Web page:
Every year, during the auspicious occasion of Akshaya Tritiya, there is a frenetic rush to jewellery shops to buy gold. Indians have been purchasing ornaments and coins on this day not just for religious purposes but also as a means to accumulating wealth over the years. However, sticking to physical gold may not be the right choice any longer. Isn’t it time for investors to tap other avenues, especially the more convenient paper gold? The answers to these questions depend on what you need. So let us take a closer look at the advantages and disadvantages that are associated with each form of gold.
Most traditional buyers opt for jewellery because they consider it the only form of gold that offers utility. However, gold ornaments don’t offer good investment value. This is because there are additional charges, such as making charges (more than 15% in most cases) and taxes, that are tacked on. There are also concerns about the purity of the ornaments, which means that you may not be able to recover the full market price if you decide to sell them later. These deductions can be to the tune of 10-20% if purityrelated issues crop up when you sell the jewellery, and may be higher if you go to some other jeweller. So, opt for ornaments only if you want to wear them and not as part of your investment portfolio.
Bars and coins
This is the best form of investment if you insist on buying physical gold. However, here again, you need to take precautions that the bars or coins are pure and come in tamperproof packets. Next, make sure that the mark-up you pay is reasonable; don’t buy if you are being charged a mark-up of more than 5%. The problems you face while selling ornaments may also crop up for gold bars or coins. “Selling bars and coins is easy in a bull market, but it’s difficult to do so in a bearish market,” says CP Krishnan, director, Geojit Comtrade.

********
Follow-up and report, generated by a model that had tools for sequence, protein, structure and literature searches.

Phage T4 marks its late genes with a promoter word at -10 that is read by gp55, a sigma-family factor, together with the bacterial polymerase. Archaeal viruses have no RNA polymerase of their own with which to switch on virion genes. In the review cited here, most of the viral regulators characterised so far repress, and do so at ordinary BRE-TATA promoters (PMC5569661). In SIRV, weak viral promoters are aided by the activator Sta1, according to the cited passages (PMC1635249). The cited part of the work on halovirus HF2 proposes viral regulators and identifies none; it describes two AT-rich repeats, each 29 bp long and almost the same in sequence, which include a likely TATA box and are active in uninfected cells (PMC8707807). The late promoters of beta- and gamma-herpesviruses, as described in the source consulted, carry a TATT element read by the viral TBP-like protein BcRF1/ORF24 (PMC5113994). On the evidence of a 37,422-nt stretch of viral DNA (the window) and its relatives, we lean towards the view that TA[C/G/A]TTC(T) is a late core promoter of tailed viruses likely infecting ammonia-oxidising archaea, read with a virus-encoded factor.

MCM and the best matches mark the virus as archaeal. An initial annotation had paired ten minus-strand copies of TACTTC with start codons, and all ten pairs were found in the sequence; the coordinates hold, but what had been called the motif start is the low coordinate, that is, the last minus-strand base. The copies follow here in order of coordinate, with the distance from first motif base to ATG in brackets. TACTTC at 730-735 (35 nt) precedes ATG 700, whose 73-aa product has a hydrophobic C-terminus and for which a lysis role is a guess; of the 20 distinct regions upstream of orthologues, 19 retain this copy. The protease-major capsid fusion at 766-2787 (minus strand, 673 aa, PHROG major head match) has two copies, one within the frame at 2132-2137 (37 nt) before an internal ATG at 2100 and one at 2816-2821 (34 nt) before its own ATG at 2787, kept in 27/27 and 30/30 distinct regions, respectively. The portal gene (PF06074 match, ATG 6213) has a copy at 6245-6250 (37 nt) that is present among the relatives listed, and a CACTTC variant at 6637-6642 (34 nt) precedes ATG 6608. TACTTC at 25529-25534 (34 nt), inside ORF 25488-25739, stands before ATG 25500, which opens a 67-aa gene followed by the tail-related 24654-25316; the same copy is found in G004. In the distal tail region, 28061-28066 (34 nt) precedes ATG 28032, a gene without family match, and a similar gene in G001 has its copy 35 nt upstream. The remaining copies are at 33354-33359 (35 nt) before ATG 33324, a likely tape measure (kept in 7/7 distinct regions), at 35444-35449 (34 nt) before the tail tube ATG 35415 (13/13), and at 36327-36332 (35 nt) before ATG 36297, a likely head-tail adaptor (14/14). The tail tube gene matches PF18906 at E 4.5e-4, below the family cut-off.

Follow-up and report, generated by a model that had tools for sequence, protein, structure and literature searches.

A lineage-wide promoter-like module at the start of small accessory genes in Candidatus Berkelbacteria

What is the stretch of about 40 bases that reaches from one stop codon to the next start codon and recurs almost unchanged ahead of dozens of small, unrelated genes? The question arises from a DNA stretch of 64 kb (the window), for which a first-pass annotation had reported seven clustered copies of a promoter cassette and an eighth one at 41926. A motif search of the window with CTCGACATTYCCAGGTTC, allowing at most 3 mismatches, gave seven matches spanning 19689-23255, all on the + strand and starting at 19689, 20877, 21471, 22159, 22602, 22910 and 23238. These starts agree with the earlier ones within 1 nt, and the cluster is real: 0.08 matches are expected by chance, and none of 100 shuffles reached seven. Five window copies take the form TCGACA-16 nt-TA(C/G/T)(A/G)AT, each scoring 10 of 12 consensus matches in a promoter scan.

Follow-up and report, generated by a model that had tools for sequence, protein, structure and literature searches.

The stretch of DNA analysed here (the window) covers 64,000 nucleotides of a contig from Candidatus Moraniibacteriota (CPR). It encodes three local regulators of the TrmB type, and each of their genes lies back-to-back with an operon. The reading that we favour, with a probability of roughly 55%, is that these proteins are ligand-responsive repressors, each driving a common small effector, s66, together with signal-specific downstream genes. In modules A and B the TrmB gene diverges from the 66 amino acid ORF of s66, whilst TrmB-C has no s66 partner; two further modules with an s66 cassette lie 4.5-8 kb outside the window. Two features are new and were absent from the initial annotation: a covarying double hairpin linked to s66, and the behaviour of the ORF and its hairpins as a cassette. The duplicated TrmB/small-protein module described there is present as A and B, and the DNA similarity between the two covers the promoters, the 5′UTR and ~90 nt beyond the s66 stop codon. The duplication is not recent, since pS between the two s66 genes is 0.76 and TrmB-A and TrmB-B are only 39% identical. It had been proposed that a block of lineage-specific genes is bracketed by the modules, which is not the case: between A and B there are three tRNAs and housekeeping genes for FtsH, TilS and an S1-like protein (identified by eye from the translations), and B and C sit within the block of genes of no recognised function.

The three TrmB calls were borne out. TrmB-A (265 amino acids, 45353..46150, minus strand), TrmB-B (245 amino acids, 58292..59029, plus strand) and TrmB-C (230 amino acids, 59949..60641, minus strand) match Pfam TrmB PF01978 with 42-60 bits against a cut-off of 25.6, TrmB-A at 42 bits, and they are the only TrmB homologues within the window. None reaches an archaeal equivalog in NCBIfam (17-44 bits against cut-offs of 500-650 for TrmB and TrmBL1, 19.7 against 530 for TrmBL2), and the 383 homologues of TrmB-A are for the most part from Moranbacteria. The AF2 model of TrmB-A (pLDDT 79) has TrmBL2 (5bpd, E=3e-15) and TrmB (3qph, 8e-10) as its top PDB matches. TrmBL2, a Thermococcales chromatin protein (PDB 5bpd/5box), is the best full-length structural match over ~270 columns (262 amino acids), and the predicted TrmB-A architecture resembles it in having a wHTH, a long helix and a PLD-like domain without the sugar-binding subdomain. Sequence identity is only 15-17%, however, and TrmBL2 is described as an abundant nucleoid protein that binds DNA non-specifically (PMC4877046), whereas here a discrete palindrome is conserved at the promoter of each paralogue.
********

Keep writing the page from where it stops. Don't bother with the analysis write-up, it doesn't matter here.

In a bear market, jewellers may expect the price to slide further and, therefore, may keep putting off buying gold from you. So, before you go for this option, make sure that the jeweller is willing to buy it back at market price. Currently, banks do not buy back gold bars or coins. However, there are other options that are better than buying physical gold. If you are willing to consider paper gold, you can consider gold exchange traded funds (ETFs) and gold savings funds of funds (FoFs).
In addition to the usual advantages like transparency in pricing and no problems with purity, paper gold also offers several tax advantages. For example, investors need to hold these for only one year to claim long-term capital gain on paper gold, while the holding period is three years for physical gold. The taxation rates are different too. While the capital gains tax for physical gold is 20% after indexation, paper gold investors have the option of selecting their tax rates (10% without indexation or 20% with indexation). Physical gold investors also have to pay wealth tax, while paper gold investors are exempt from it.